Why go round something if you can go over it?
It seems self-evident.
But it wasn’t that obvious to the powers that be in the 1960s when it came to how to open up the northern Highlands to development and commerce.
They stubbornly resisted the idea of building a direct route north from Inverness over the three firths: Beauly, Cromarty and Dornoch.
They preferred the idea of building a dual carriageway around the heads of the firths, in spite of it being much longer and leaving a wake of destruction of prime arable land and unspoiled townships.
But they didn’t bank on the fierce resistance of three men, equally determined to protect the Highlands from a ‘Dingwall Autobahn’ and to take the A9 straight over the firths.
Against overwhelming odds, the resistance movement won, and the three firths now have bridges, taken for granted 24/7 by streams of traffic heading north and south.
Crossing the firths considered too difficult
Centuries earlier it had been decided that this was too difficult, given the Highlands’ challenging terrain.
The perception lingered, to the extent that by the 1960s, politicians and Highlands and Islands Development Board (HIDB) wanted to press ahead with their plan to build a dual-carriageway around the heads of the firths.
Villages like Beauly, Muir of Ord and the town of Dingwall would be badly affected, the road going straight through and destroying the parking in Beauly Square, for example.
It took a Sixth Form conference at Inverness Academy on the theme ‘Which Way Ahead for the Highlands?’ to spark a change to the course of this way of thinking.
Edderton farmer Reay Clarke was invited to speak to the pupils.
As chairman of the NFU’s Easter Ross Land Use Committee, he had been active in defending Highlands’ best arable land at three public inquiries into the aluminium smelter, chemical refinery and housing project in the Invergordon/Alness area.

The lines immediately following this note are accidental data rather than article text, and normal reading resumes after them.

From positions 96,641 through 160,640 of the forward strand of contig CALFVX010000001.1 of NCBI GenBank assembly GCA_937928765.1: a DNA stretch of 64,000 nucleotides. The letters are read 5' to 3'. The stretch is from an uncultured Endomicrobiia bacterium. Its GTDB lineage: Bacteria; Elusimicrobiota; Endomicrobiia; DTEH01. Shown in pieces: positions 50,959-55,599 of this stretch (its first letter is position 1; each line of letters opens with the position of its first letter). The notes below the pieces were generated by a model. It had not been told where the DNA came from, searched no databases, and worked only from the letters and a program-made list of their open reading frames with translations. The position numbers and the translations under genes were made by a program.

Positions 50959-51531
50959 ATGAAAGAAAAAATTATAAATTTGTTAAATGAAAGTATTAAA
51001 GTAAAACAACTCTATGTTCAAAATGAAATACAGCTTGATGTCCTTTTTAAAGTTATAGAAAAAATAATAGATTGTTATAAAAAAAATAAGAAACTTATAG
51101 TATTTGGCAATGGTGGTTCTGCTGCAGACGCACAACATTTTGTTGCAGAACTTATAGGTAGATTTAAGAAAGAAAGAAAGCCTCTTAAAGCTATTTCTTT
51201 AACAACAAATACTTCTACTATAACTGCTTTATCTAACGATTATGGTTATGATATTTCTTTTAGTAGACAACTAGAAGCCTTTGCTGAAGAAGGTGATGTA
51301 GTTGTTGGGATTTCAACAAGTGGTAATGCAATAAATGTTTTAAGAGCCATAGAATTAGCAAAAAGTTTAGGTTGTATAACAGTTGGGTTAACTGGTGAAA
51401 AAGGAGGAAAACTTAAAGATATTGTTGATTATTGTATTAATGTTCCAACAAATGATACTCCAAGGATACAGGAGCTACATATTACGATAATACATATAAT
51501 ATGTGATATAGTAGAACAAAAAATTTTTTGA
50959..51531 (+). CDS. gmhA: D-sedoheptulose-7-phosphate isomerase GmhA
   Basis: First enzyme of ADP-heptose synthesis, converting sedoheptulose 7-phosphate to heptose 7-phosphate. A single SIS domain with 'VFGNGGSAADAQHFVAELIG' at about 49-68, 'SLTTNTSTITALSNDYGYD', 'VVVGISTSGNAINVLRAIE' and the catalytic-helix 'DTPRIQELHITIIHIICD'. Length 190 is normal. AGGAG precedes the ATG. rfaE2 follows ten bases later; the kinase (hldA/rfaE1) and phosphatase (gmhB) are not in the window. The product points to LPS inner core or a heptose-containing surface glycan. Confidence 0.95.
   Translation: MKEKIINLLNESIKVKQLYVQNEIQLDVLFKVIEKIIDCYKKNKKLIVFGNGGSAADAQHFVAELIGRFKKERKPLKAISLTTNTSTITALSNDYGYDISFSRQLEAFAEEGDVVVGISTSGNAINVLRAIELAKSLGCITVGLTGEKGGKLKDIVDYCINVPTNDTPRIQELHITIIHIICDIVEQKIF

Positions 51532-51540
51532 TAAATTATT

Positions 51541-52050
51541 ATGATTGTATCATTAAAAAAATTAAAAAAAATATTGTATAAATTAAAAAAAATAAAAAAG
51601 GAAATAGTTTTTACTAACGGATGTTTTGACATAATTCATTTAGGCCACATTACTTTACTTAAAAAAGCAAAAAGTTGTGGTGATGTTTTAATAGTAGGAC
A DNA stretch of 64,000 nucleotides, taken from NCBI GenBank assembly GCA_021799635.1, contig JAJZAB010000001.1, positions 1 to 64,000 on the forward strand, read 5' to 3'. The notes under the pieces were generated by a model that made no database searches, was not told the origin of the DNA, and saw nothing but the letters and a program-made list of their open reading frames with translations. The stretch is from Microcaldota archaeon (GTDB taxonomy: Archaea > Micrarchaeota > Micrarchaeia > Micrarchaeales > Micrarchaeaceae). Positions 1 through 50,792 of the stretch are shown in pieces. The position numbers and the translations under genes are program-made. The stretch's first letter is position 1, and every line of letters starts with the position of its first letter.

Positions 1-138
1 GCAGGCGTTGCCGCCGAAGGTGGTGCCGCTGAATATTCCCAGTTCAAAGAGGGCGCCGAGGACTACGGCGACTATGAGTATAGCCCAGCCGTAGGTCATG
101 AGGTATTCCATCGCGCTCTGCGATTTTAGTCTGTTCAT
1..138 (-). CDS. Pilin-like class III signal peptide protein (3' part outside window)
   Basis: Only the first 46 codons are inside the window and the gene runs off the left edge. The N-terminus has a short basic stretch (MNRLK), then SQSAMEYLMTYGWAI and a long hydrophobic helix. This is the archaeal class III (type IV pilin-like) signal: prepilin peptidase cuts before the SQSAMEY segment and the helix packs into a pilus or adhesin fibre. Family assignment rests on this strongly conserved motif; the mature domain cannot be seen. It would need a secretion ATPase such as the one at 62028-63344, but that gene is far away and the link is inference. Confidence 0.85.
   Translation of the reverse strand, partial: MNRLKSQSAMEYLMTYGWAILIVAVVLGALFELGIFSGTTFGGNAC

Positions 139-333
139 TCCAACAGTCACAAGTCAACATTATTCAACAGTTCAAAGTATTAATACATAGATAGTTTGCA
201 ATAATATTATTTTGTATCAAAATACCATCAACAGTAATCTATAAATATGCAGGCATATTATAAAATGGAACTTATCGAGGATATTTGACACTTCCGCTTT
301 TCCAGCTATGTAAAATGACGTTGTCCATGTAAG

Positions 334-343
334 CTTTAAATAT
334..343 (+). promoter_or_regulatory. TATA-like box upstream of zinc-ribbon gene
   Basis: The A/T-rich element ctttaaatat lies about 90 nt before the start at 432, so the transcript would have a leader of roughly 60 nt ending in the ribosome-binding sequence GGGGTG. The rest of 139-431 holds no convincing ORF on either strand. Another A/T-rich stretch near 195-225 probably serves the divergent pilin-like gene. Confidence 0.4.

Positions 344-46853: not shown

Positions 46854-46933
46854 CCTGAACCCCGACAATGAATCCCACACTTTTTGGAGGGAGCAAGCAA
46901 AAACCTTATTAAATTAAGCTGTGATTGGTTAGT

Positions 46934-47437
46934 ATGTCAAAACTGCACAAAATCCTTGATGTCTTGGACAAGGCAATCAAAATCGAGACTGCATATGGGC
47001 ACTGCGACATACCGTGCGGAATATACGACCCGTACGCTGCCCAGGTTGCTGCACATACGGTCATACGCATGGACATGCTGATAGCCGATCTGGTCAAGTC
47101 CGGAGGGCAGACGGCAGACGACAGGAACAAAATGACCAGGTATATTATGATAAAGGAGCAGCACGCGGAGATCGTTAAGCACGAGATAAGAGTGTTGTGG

To Reay, HIDB’s plan made no sense
He and Dr John S Smith, a senior lecturer in geography at Aberdeen University, sat down together and re-drew the map of the Moray Firth Basin, taking all the HIDB proposed development off the Class I agricultural land and moving it to Class IV ground.
When that had been done it became obvious that the correct route for the trunk road was directly across the firths, connecting the south with Tain, Sutherland and the whole of the north.
Hanging up the new map at the school conference, he told pupils that getting to Invergordon straight across the firths would be 15 miles shorter, and they were interested.
So was a reporter from The Scotsman attending the conference that day.
He invited Reay to write an article on the proposals for a direct route north over the firths.
Game-changing article published
The article was published in early May 1969, and ended up changing the course of north history.
Major Pat Hunter Gordon, head of A.I. Welders of Inverness, spotted the article and phoned Reay Clarke for a meeting.
He needed little convincing of the plan and from then on took charge of managing the Three Bridges project.
Reay Clarke, John Smith and Pat Hunter Gordon together wrote a pamphlet arguing the case for the bridges, and this became their main weapon.
It was the start of a long battle
Pat wrote to everyone he could think of who might help the case, gathered more and more evidence, and went to the press.
But the HIDB was bitterly opposed to the idea, and because they were opposed, the Scottish Office was also against it.